The environmental effort is and has long been one of the cornerstones in the Group’s work. The joint environmental policy is one of the most important documents for control. The policy is the foundation of the Group’s environmental management system, strategies and targets, audits and measures.

Already in 1995, the first environmental management system was certified. At the end of 2011, 99% of the employees in production units were working in accordance with the certified environmental management system, primarily ISO 14001:2008. At each production unit, there is an environmental coordinator.

The Group’s environmental goals are used to control, develop and monitor the environmental effort. Strategies to achieve the goals are included in the business plan. Since 2004, the Volvo Group has put an extra strong focus on energy reduction in its own production process. Energy consumption has since decreased by 46% per produced unit.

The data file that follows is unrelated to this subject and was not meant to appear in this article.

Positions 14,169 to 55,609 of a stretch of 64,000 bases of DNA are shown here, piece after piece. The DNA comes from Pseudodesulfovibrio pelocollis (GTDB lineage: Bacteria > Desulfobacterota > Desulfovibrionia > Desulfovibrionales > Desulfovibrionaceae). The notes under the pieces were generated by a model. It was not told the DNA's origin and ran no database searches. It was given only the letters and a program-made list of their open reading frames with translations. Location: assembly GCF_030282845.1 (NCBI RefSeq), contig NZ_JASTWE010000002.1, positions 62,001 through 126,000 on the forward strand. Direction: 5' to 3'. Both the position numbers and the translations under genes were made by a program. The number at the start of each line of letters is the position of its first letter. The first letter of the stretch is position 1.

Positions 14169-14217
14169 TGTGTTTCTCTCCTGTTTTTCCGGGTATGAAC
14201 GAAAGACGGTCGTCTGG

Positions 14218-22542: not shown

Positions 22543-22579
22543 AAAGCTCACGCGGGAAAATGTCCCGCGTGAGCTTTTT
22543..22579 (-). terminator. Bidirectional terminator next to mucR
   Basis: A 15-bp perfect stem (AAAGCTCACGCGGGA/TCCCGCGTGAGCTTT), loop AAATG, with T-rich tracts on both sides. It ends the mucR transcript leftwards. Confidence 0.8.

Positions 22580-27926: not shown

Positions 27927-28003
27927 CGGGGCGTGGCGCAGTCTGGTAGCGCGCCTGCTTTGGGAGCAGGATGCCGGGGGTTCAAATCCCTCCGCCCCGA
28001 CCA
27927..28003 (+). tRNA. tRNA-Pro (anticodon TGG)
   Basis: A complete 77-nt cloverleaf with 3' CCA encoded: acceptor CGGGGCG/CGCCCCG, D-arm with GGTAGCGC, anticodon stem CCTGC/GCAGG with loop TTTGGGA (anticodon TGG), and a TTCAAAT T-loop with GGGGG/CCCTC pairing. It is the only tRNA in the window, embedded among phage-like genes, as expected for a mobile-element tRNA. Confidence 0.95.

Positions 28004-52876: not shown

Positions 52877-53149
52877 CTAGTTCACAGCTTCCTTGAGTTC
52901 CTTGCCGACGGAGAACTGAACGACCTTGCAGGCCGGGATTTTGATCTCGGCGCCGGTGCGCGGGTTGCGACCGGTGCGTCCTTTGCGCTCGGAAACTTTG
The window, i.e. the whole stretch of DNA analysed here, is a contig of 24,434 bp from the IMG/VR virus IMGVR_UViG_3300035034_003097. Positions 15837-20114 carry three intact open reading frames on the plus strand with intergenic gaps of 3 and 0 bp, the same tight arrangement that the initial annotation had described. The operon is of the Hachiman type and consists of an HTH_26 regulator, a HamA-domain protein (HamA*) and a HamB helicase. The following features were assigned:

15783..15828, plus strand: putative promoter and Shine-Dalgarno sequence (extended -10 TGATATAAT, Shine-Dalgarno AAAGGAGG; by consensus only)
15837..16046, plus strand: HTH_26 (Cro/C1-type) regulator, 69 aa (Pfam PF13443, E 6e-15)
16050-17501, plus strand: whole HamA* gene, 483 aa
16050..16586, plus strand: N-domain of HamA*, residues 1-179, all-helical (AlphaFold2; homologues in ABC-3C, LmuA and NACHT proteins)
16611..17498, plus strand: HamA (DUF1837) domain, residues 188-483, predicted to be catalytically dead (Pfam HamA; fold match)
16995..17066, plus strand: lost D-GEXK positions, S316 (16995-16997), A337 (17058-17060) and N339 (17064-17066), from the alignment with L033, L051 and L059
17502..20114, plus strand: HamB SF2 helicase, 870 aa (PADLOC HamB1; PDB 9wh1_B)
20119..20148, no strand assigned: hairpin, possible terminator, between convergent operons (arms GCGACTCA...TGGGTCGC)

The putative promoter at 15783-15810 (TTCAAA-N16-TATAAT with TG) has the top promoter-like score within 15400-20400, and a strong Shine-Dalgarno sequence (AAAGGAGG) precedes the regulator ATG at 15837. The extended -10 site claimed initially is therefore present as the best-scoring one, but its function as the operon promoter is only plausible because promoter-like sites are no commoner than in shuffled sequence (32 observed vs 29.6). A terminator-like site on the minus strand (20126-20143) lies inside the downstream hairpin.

The energy-saving goal for 2010–2012 is divided into two parts:
• Continue the work with investigating the possibility of making the Group’s facilities carbon neutral.
• Standby loss, i.e. energy consumption during non-production hours, must decrease by 50% and an additional 15% energy-saving per produced unit by 2012, compared with 2008.

Focusing on energy-savings measures is good for both the environment and the Group’s financial results. A couple of years ago, when the Volvo Group launched the world’s first carbon-neutral plant, the primary reason was to reduce the environmental load, but it soon became quite clear that it was also a solid financial investment, which will generate significant cost savings in the long term.

All production plants must comply with the common minimum requirements pertaining to chemicals, energy consumption, emissions to air and water, waste management, environmental organization and improvement work. Since 1989, environmental audits have been conducted to ensure compliance with the environmental policy and in the event of acquisitions; a review is conducted of the company and properties to observe environmental factors and risks.

In 2011, 17 facilities in Sweden required permits. All have the necessary environmental permits and no permits needs to be renewed in 2012. The existence of contaminated land in our properties is documented annually. During 2011, no after-treatment of contaminated land was in progress on Volvo Group property in Sweden. During 2011, no spills were reported, no major environmental incidents occurred and no environmental disputes are ongoing.